Meacham Lake is also known as a "fisherman's paradise." The lake is fed from the Osgood River. These connected bodies of water offer abundant shoreline and a completely wild environment. That is why it is common to hear loons calling their distinctive cry near dawn and dusk.
St. Regis Falls Beach
The town of St. Regis Falls is a beautiful destination along Route 458. It makes for a lovely bike ride or scenic drive.
This state highway has river and hiking access points as it winds through the Santa Clara tract of wild forest. This 72,000-acre conservation easement includes the 1,871-acre Deer River Primitive Area, and 16,543 acres of the Debar Mountain Wild Forest, which is west of Route 30.
Once in town, the beach is a glorious destination. There's a large, shaded pavilion with picnic tables, a big playground, and lots and lots of broad, sandy beach. This is a sand castle destination!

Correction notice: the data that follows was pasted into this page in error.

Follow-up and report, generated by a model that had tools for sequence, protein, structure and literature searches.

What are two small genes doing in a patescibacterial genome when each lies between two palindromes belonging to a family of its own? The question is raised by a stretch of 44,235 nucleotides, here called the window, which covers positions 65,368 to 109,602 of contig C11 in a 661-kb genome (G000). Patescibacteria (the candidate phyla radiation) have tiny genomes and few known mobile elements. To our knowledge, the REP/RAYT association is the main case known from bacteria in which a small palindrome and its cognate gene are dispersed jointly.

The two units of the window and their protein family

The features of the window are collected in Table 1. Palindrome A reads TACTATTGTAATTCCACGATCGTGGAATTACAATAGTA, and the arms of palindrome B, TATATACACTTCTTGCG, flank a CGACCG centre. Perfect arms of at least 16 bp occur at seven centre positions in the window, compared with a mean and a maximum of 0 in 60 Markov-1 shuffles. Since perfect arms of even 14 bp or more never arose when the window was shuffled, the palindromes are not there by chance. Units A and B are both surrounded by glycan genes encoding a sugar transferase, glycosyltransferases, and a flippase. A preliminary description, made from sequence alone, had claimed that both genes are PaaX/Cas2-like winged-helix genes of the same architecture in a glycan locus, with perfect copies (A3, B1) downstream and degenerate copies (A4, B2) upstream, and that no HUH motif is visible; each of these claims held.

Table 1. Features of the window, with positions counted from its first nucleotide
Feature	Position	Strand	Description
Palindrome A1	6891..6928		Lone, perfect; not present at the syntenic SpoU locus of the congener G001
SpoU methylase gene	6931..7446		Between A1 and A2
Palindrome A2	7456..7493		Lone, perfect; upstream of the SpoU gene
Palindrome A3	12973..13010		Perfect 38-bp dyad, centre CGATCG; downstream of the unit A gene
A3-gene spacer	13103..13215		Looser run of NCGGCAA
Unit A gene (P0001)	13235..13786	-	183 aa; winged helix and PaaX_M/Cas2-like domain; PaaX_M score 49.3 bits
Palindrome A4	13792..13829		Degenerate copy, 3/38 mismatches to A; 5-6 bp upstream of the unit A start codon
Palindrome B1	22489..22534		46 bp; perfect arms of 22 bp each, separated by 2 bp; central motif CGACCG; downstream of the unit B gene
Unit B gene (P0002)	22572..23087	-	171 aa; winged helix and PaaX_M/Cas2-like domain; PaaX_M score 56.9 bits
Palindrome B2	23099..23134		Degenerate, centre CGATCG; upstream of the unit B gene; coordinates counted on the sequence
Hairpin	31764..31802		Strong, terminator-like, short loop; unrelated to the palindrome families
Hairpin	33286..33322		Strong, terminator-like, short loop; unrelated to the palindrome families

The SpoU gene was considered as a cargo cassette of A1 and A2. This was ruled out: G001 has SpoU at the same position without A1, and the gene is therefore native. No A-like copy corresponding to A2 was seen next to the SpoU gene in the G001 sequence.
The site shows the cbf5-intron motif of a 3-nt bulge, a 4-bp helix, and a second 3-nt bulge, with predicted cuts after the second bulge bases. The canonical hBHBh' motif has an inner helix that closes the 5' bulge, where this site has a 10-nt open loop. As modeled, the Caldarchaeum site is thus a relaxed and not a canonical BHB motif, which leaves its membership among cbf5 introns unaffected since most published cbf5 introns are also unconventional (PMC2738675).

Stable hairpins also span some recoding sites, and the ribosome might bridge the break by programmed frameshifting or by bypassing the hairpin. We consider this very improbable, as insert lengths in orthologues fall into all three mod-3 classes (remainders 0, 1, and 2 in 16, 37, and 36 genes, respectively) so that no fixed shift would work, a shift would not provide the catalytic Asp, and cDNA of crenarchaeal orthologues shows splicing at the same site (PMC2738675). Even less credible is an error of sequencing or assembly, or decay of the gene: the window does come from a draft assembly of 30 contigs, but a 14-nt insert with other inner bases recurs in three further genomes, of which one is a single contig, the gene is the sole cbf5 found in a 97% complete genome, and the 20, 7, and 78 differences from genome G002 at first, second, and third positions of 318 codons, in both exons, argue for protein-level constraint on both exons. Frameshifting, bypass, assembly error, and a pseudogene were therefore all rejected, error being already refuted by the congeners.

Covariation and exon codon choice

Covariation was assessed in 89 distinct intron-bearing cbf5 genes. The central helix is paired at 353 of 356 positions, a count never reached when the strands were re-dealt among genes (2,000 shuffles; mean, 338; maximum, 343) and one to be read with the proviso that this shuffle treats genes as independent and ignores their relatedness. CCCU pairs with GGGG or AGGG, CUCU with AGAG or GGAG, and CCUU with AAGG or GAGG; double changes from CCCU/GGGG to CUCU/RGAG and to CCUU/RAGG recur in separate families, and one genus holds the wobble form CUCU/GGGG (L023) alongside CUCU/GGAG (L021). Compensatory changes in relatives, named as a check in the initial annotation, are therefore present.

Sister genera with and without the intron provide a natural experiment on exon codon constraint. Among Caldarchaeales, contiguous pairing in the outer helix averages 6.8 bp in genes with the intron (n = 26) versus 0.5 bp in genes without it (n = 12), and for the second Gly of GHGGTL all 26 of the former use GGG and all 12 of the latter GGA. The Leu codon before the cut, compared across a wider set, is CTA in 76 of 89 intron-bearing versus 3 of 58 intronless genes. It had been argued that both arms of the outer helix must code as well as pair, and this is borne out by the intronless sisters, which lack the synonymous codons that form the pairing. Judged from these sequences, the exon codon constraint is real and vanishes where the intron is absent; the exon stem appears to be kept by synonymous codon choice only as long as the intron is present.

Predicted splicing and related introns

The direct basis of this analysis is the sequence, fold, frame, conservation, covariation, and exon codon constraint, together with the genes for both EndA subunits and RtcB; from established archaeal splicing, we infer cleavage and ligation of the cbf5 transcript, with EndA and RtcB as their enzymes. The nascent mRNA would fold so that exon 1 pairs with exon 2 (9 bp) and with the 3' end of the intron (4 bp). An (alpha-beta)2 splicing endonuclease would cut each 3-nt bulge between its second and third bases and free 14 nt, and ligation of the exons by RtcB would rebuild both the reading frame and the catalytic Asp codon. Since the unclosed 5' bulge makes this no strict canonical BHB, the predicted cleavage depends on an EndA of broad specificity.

The beach's placement along the St Regis River is upstream from their much-photographed dam and pump house. This lets it take advantage of the dam's action in slowing and broadening the river, making for a tranquil swimming experience.
St. Regis Falls is part of the North Country's Amish area, and taking Route 11b back to Malone will offer access to their farm stands, including items like local honey and fresh pie. As I was leaving, I was passed by a buggy headed for the river, which is also a popular fishing spot.
Split Rock Falls
Just minutes from the town of St Regis Falls is the glory of Split Rock Falls. What it lacks in height it makes up for in both expanse and scenic accessiblity.
After a drive down a paved road that turns unpaved, we come to a parking spot with many hiking trails, including the one that winds around this stunning collection of tumbled rocks. Each step creates new angles on this classic river scenery, and the rushing sound of the water is very relaxing.
A few minutes of hiking brings us to a spot that has the split rock in question, part of an area which is deep and quiet, a delightful swimming hole in every sense. The hiking path continues through the deep forest for a beautiful back-and-forth trek, or a loop if we take the road for the hike back.